Regular and routine dental and vision exams are some of the best ways to prevent and detect common ailments that can cause serious (and costly) health issues. Prevention is even more important for the millions of Americans with diabetes and prediabetes.
More than a quarter of adult Americans are prediabetic. In fact, 11% of U.S. adults have diabetes. Not only is the chronic illness prevalent, diabetes is the eighth leading cause of death in the United States.
At the same time, oral and vision health are major indicators of overall health, and diabetes predisposes people to (and makes it harder to heal from) many common oral and vision problems. That means prevention is especially important for anyone with diabetes.
Left unchecked, diabetes not only impacts a person’s overall health, but can also affect their pocketbook. People with diabetes pay more than double the average medical costs of the rest of the population, and the condition costs the U.S. $327 billion each year in medical bills, missed work, and decreased productivity.
Preventing acute oral and vision health issues can cut into these costs in the short term and stop them from leading to even more health issues in the future.
Dr. Dean Fry
Chief Dental Officer, Humana
“Not only is absenteeism an issue when considering the dental health of employees, but oral problems are responsible for half of all cases of performance reductions in the workplace.”
Practicing good dental hygiene can impact more than just a pretty smile. Proper oral care also makes it possible to avoid being part of the 27% of sickness absences and half of all cases of performance reduction in the United States due to oral health problems.
“It’s crucial for workplaces to offer dental benefits so employees can maintain preventive care,” said Dr. Dean Fry, Chief Dental Officer at Humana, a national insurer that provides dental and vision plans. “Not only is absenteeism an issue when considering the dental health of employees, but oral problems are responsible for half of all cases of performance reductions in the workplace.”
One of the best ways to prevent oral health issues like gum disease, gingivitis, and periodontitis is daily self-care — brushing, flossing, healthy diet — and making sure you see your dentist for a cleaning and check-up at least twice per year.
Prevention is even more important for those with diabetes. “If you have diabetes, you’ll likely have increased sugar levels in your saliva,” Dr. Fry said. “That means gum disease can be particularly severe and take longer than usual to treat.”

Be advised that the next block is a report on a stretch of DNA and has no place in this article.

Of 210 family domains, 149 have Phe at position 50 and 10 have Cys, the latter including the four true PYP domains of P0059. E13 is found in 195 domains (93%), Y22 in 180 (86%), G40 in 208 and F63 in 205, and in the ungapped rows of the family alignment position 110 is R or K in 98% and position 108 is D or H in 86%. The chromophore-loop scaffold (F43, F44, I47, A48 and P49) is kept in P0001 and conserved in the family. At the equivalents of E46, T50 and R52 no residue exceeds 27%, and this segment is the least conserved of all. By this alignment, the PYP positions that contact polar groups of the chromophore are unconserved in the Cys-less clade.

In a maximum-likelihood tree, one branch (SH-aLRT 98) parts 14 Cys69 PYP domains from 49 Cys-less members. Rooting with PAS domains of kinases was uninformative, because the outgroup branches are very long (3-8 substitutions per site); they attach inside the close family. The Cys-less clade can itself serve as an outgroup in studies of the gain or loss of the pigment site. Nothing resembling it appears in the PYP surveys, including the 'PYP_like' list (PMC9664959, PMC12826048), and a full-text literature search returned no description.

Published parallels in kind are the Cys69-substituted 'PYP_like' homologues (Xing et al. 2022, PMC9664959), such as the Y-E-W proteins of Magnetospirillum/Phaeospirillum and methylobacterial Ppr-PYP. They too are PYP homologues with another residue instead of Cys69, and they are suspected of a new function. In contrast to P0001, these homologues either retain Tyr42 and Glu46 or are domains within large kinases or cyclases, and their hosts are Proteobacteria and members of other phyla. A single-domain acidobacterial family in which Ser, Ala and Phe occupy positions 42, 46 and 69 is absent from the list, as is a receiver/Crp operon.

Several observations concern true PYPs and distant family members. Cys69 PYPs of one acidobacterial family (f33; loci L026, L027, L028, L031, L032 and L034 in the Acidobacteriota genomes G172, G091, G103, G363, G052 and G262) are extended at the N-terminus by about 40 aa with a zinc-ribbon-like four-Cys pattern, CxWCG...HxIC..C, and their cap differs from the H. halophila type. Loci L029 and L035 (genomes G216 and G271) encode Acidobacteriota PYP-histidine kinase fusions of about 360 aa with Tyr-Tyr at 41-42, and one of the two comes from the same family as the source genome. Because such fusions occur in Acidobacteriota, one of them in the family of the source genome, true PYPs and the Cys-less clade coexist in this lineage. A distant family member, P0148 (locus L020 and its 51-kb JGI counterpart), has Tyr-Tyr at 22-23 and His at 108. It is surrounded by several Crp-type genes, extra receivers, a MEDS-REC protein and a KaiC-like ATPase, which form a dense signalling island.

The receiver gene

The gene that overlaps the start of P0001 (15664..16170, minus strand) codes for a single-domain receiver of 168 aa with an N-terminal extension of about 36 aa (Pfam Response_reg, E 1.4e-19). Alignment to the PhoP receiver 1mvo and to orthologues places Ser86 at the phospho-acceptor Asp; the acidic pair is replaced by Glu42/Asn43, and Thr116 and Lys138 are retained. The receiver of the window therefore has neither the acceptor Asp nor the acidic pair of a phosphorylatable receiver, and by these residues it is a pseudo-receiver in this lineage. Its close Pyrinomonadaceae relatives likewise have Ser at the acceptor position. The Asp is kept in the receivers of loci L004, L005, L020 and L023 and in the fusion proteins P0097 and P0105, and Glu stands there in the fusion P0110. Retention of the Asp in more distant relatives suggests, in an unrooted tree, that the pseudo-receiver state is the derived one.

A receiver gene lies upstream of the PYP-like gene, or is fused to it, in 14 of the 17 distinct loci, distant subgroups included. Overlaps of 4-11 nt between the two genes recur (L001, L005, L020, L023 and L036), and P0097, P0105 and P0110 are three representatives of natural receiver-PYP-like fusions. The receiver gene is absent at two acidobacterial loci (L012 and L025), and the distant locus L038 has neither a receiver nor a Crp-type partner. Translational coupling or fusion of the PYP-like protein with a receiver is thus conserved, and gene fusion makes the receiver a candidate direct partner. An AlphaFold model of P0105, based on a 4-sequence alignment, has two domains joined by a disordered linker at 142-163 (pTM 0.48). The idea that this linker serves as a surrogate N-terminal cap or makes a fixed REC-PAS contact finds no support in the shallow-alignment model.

Health insurers like Humana can help make sure you and your employees receive the dental care needed to avoid these costly and often painful conditions. They offer plans that cover up to three dentists’ visits per year and can even cover extras like mobile dentistry visits for your organization to make cleanings more convenient.
Dr. John Lahr
Medical Director, EyeMed
“Providing vision benefits can help support employees’ health by getting them the care they need when they need it most.”
Due to increased blood sugar levels, people with diabetes are at risk of the blood vessels in their eyes becoming damaged. This condition is called diabetic retinopathy (DR) and it’s the leading cause of blindness among adults aged 20-74.
Fortunately, getting a dilated eye exam every year can help detect DR before it becomes severe, allowing for early treatment and reducing risk of blindness by 95%.
“Eye exams do much more than ensure your glasses prescription is up to date,” said Dr. John Lahr, the Medical Director of EyeMed. “Detecting and treating these conditions can help save your vision, allowing you to continue enjoying and participating in all aspects of your life.”
Dilated eye exams also allow for early detection of cataracts, glaucoma, and macular edema, all of which are associated with diabetes.
“Diabetes management that includes vision care can make a real difference and impact healthy outcomes,” Dr. Lahr said. “Providing vision benefits can help support employees’ health by getting them the care they need when they need it most.”
Chief Growth Officer of Group Benefits, Humana
“[Vision and dental benefits] are now viewed as the cost of entry if you’re looking to attract and retain top talent.”
Caring for the health and wellness of your employees is critical for finding, hiring, and retaining the people your organization needs to succeed. That’s why encouraging and supporting regular and routine vision and dental care is important for maintaining a healthy workforce.
“Vision and dental benefits are no longer seen as ‘nice-to-have’,” said Hayley Doran, Humana’s Chief Growth Officer of Group Benefits. “They’re now viewed as the cost of entry if you’re looking to attract and retain top talent, and to help maintain a healthy and productive workforce.”
November is Diabetes Awareness Month, a great time to ensure you are properly caring for the well-being of your employees. Humana offers flexible plan designs that empower team members to receive the dental and vision care they need to stay healthy and happy while helping reduce sick days and lost productivity.
Connect with Humana to learn more about group dental and vision benefits.
 US NIH, National Library of Medicine, Oral health in the context of prevention of absenteeism and presenteeism in the workplace, Dec. 2019